Hiking - An Easy Introduction To Using Maps To Find Your Way Around

By: Donald Saunders


Although you might guess that it should be the other way around, it is a fact that most seasoned hikers use maps in order to navigate their way along trails and through wilderness areas while novice hikers feel that maps are they can simply 'wing it'. The novice hiker frequently thinks that it is not necessary to go through the hard work of learning map reading and that sticking to used trails will be fine. Sorry to say, that is not the case.

You can get seriously lost even close to well marked trails and straying a few yards off the trail into a heavily wooded area has caught out more than one novice. Without the benefit of the stars, sun or geographical markers it is very easy to get turned around and to find yourself straying even farther from the trail and getting yourself lost in no time at all.

Now in the example above a map by itself would not necessarily help you out of that particular wood. However, you will normally run across another trail which will hook up with the one you were on and a good map would help you to easily find your way back to your starting point.

So, where do you start?

Get hold of an up-to-date map that covers the area which you are planning to hike in and start by studying it at home in a quiet and relaxed environment. Naturally you will not be in a position to match the map to features on the ground, but it will certainly assist you in learning and understanding the symbols used on the map.

All maps have a legend (which you will find differs slightly from one publisher to the next) and you should familiarize yourself with the symbols. You also need to familiarize yourself with the scale of the map which will be printed on it somewhere as something like 1 inch = 5 miles.

Do not forget though that distance is only one part of the story and that 1 inch representing 1 mile on level ground is a quite different thing from 1 inch representing 1 mile over an area that includes a steep and winding path up the side of a 2,000 foot cliff.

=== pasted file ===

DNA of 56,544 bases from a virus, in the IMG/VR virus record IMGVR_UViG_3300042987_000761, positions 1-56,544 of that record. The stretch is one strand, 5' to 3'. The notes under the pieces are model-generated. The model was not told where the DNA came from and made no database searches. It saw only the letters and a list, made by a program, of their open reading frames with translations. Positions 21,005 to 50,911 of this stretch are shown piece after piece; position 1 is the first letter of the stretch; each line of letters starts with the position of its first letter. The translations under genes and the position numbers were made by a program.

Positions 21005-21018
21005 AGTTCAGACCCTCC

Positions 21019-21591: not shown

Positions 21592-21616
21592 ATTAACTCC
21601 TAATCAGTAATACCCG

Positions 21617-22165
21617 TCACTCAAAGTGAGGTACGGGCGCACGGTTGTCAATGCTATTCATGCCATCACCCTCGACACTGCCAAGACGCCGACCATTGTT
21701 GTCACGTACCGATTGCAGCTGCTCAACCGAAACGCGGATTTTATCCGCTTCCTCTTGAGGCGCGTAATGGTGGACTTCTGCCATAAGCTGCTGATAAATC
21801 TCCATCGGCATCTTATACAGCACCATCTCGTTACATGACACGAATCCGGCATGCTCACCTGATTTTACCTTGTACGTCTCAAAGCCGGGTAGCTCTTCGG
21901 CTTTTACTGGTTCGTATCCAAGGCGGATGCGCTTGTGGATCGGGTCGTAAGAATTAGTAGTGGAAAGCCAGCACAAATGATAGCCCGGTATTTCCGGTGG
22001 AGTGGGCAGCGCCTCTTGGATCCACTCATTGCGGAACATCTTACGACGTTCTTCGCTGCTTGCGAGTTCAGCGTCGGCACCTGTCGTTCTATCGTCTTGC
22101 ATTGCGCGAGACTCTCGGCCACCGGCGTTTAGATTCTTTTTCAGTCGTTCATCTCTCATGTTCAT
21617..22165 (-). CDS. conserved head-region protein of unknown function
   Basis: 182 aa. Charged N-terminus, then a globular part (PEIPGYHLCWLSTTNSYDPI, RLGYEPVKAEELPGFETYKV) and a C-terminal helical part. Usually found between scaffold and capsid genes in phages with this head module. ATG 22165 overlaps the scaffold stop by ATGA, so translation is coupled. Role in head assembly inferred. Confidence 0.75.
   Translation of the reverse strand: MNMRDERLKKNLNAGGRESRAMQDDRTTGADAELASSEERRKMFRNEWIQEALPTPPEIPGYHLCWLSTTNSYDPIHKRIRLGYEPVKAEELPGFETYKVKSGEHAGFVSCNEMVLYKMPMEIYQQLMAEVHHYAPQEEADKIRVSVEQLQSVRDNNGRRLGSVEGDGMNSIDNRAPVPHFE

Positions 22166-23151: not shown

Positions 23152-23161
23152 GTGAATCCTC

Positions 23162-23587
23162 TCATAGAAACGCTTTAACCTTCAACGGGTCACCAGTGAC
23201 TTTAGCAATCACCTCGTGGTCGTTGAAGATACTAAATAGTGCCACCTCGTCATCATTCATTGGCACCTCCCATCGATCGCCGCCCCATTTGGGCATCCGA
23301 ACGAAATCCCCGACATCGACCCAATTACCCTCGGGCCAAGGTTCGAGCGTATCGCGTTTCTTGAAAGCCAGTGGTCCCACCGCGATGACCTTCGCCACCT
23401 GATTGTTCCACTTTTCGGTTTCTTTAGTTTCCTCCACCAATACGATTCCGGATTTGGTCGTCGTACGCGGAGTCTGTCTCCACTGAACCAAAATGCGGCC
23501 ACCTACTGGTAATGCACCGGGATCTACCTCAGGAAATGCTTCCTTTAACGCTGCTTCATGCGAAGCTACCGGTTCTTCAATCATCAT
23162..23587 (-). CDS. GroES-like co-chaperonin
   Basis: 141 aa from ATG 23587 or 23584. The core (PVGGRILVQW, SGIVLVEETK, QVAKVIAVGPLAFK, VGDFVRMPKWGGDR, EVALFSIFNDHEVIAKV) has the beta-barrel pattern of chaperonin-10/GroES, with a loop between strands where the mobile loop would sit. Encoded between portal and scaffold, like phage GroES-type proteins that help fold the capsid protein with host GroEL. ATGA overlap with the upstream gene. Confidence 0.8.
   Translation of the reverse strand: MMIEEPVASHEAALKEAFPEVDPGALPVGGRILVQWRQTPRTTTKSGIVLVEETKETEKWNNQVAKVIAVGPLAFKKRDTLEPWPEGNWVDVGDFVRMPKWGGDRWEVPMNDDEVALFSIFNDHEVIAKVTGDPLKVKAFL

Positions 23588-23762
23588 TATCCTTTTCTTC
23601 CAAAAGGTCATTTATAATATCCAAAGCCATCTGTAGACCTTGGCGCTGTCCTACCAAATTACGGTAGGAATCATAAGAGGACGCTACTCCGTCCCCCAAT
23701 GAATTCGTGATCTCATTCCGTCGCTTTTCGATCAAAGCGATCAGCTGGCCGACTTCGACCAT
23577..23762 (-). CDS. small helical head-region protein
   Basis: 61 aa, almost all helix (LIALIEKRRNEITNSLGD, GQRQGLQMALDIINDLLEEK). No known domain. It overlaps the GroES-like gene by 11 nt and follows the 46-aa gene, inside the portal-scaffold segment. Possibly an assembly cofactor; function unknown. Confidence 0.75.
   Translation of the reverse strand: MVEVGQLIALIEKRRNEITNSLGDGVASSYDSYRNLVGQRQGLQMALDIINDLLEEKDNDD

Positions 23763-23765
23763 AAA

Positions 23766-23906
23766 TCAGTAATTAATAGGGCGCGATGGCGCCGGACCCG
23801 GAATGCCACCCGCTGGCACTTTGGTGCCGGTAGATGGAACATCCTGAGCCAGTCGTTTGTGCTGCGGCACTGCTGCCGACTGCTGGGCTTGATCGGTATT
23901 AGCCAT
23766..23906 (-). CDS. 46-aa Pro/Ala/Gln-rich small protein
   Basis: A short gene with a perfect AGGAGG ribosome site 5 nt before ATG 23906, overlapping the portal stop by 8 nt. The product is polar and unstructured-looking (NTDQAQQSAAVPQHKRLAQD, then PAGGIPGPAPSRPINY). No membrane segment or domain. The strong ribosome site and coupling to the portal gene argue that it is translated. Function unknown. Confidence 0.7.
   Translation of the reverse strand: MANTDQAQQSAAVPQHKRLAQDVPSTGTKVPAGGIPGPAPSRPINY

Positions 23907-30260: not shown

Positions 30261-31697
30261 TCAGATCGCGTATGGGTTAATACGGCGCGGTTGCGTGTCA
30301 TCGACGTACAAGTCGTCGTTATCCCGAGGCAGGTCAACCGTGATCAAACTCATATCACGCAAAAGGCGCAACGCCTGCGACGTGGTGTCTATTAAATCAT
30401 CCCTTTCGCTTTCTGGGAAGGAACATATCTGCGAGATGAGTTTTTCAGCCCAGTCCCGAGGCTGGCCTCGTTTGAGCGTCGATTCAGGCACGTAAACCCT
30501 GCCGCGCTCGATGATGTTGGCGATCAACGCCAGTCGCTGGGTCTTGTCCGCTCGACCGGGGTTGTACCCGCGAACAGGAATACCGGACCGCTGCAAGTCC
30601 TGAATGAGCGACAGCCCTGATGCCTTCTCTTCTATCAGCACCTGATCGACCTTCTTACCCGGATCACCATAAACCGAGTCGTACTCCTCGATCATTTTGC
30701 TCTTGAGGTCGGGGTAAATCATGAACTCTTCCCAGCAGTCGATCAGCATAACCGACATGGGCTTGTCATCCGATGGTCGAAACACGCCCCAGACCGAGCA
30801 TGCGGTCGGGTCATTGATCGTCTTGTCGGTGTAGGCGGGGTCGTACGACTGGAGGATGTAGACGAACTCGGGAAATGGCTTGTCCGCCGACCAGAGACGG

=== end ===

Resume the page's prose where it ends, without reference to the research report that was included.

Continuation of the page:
To make allowance for the latter, you need to think about altitude which is shown on the map as a series of curved lines that, if 'stretched out', would form a circle. The distance between two altitude lines around a natural feature like a hill indicates the altitude. Often there will also be numbers printed beside the lines in order to help you. These lines are called contour lines and the closer the lines are to each other the steeper the ground.

Next, you have to study the longitude lines and latitude lines. Longitude lines which show North and South run 'up and down' the map from the bottom to the top while latitude lines indicating East and West run 'right and left'.

During the day you can use the sun together with natural features on the ground to orient the map so that it is aligned with the ground that you are hiking over. Do not forget that the sun rises in the East and sets in the West so that at the start of the day facing the sun will have you heading in an Easterly direction. By the same token, late in the day facing the sun as it sets will have you hiking in a Westerly direction.

At night you will have to use the stars and you can often see the sky reasonably well because most wilderness areas are far away from the glow of city lights. One of the greatest joys of hiking is to be able to walk out under the canopy of stars and familiarizing yourself with such star formations as Orion and the Big Dipper as well as the North Star.

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One of the first things you will need as a novice hiker is a good pair of hiking boots and you could do a lot worse than a pair of Asolo or Vasque hiking boots

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